In the embodiment shown in FIG. 2 and in accordance with a preferred embodiment, the suture anchoring device is a t-tag fastener 32. A length of suture material 36 is attached at a distal end 38 to the t-tag fastener 32. However, other types of tissue fasteners suitable for holding together portions of the gastric cavity wall may also be used in the present invention. Examples include t-type anchors as already discussed, reconfigurable “basket”-type anchors (which generally comprise a number of configurable struts or legs extending between two collars or support members), and linear anchors (elongate anchors which are configured to fold or become compressed into a bowed or expanded configuration). In general, anchor characteristics are such that prior to deployment they can easily be placed into or through tissue(s), but after deployment, have an altered configuration providing at least one dimension sufficiently large to prevent the anchor from being pulled back through the tissue it was deployed in.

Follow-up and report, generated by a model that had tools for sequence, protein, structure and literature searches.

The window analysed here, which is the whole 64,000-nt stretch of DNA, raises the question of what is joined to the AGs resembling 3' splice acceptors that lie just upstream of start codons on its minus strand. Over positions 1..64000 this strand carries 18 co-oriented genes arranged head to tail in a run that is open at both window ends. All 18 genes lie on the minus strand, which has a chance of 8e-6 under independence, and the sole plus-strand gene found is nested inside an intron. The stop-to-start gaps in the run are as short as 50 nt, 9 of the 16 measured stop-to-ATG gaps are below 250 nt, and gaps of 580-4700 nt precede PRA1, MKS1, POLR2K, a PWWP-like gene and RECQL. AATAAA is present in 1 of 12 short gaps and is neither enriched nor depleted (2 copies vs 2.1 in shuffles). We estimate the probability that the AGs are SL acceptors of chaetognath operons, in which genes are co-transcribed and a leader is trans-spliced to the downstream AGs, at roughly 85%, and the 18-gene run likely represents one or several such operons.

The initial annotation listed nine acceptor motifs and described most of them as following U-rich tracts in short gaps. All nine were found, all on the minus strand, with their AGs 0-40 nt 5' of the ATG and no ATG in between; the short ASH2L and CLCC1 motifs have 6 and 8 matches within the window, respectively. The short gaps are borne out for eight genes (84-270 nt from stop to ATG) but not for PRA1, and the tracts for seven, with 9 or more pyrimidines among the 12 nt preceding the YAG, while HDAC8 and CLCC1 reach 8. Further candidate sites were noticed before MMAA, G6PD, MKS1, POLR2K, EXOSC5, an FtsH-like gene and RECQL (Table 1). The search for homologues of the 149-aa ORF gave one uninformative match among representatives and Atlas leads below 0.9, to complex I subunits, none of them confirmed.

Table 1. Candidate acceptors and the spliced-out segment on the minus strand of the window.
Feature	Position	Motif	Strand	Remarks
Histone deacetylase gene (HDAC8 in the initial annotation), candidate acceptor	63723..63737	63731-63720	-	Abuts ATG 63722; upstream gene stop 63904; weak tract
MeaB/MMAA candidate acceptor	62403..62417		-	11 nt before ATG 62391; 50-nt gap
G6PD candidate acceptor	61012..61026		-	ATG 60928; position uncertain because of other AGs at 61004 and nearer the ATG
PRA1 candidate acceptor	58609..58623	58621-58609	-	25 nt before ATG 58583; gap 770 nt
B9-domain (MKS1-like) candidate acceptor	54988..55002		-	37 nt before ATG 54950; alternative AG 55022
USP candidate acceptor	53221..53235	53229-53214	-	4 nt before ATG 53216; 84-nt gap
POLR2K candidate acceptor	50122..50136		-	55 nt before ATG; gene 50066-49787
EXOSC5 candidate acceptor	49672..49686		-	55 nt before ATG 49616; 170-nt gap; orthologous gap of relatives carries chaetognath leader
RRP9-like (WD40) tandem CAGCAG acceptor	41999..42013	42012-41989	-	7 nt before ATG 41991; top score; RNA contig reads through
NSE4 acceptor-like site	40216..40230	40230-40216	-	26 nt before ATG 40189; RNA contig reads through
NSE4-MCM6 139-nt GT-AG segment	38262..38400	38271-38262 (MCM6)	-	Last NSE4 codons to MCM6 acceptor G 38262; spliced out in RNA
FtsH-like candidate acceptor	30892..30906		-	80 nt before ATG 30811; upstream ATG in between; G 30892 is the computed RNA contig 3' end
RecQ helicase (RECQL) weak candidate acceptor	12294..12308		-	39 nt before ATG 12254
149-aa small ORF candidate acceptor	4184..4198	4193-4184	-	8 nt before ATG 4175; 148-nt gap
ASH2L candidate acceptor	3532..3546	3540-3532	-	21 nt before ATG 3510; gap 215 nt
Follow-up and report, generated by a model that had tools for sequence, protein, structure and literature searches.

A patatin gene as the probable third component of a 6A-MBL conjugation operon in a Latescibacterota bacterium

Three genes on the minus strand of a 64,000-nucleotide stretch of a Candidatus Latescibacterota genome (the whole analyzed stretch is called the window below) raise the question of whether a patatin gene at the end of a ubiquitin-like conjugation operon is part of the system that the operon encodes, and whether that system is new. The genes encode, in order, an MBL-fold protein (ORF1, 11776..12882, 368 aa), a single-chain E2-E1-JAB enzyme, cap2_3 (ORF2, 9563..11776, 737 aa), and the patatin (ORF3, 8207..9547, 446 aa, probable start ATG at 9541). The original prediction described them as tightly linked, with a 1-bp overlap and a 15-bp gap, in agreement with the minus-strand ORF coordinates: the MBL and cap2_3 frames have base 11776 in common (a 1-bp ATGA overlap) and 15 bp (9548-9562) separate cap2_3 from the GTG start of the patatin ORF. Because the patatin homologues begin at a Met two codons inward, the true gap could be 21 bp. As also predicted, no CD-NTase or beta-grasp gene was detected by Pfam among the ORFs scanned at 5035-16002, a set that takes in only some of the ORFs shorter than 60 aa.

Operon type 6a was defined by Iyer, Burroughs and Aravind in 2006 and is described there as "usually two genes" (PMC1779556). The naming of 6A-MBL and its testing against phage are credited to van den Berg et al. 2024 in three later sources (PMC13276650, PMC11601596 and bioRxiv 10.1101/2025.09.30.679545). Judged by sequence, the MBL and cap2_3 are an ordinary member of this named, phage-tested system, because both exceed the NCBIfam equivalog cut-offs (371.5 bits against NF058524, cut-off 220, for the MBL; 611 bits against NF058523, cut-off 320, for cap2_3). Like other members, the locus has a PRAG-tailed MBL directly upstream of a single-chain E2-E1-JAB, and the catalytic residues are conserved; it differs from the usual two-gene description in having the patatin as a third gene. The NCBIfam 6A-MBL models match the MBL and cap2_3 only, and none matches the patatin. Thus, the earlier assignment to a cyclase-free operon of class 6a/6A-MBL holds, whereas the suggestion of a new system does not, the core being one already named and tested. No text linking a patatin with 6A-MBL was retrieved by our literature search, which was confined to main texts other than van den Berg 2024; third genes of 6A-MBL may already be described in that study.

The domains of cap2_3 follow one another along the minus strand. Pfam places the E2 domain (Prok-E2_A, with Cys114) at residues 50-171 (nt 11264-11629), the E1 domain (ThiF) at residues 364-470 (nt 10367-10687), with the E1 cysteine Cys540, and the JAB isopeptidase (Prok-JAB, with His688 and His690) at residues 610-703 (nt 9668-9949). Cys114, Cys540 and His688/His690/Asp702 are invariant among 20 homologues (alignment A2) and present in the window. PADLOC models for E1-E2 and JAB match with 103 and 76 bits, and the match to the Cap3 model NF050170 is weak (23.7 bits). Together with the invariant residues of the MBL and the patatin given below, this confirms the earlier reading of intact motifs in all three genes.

After the t-tag fastener 32 is deployed through the posterior cavity wall 14, the suture anchor deployment needle 22 is moved to a second, adjacent location along the posterior cavity wall 14. At this second location, another suture anchoring device 32 is deployed from the suture anchor deployment needle 22 into or through posterior cavity wall 14, as shown in FIG. 3. The second suture anchoring device 32 is preferably also a t-tag fastener, and has a length of suture material 36 attached thereto at a distal end 38. After the first and second t-tag fasteners 32 are deployed into or through the posterior cavity wall 14, the suture anchor deployment needle 22 is withdrawn from the gastric cavity 10 and the trocar 20. As the suture anchor deployment needle 22 is withdrawn, the suture material 36 from the two deployed t-tag fasteners 32 remains within the gastric cavity 10, extending from the deployed suture anchor devices 32 through the trocar 20. Tension is applied to the proximal ends 40 of the suture material 36 to draw the posterior cavity wall 14 across the gastric cavity 10 and into contact with the anterior cavity wall 12. The anterior cavity wall 12 is in turn pulled into contact with the abdominal wall 18, as shown in FIG. 3. A medical instrument may apply tension to the suture material 36 laparoscopically through the trocar 20. Alternatively, tension may be applied to the proximal ends 40 of the suture material 36 outside of the body. After the suture material 36 is tensioned to draw the anterior and posterior cavity walls 12, 14 together against the abdominal wall 18, the suture material 36 is locked in a tensioned state by applying a knotting element 42 (or other suture termination means including the application of surgical knots) to the proximal ends 40 of the suture material 36. Alternatively, the proximal ends of the suture material may be tied in a knot outside of the body. The two lengths of suture material may also be replaced with a single strand of suture material extending between the t-tag fasteners. In this embodiment, a looped length of the suture material 36 extending between the suture anchor devices 32, that is, the first and second t-tag fasteners, is drawn externally through the trocar 20, and a knotting element 42 applied to the loop to lock in the tension between the two anchoring devices 32. After applying a knotting element 42 or tying a knot, the locked suture material 36 is passed back into the abdominal cavity 24 through the trocar 20. The knot or knotting element 42 is positioned on the exterior of the gastric cavity 10 between the anterior cavity wall 12 and the abdominal wall 18. As shown in FIG. 4, a buttress material 44 may be placed between the knotting element 42 and the exterior of the anterior cavity wall 12. The buttress material 44 slows or prevents the erosion of the knotting element 42 through the anterior cavity wall 12.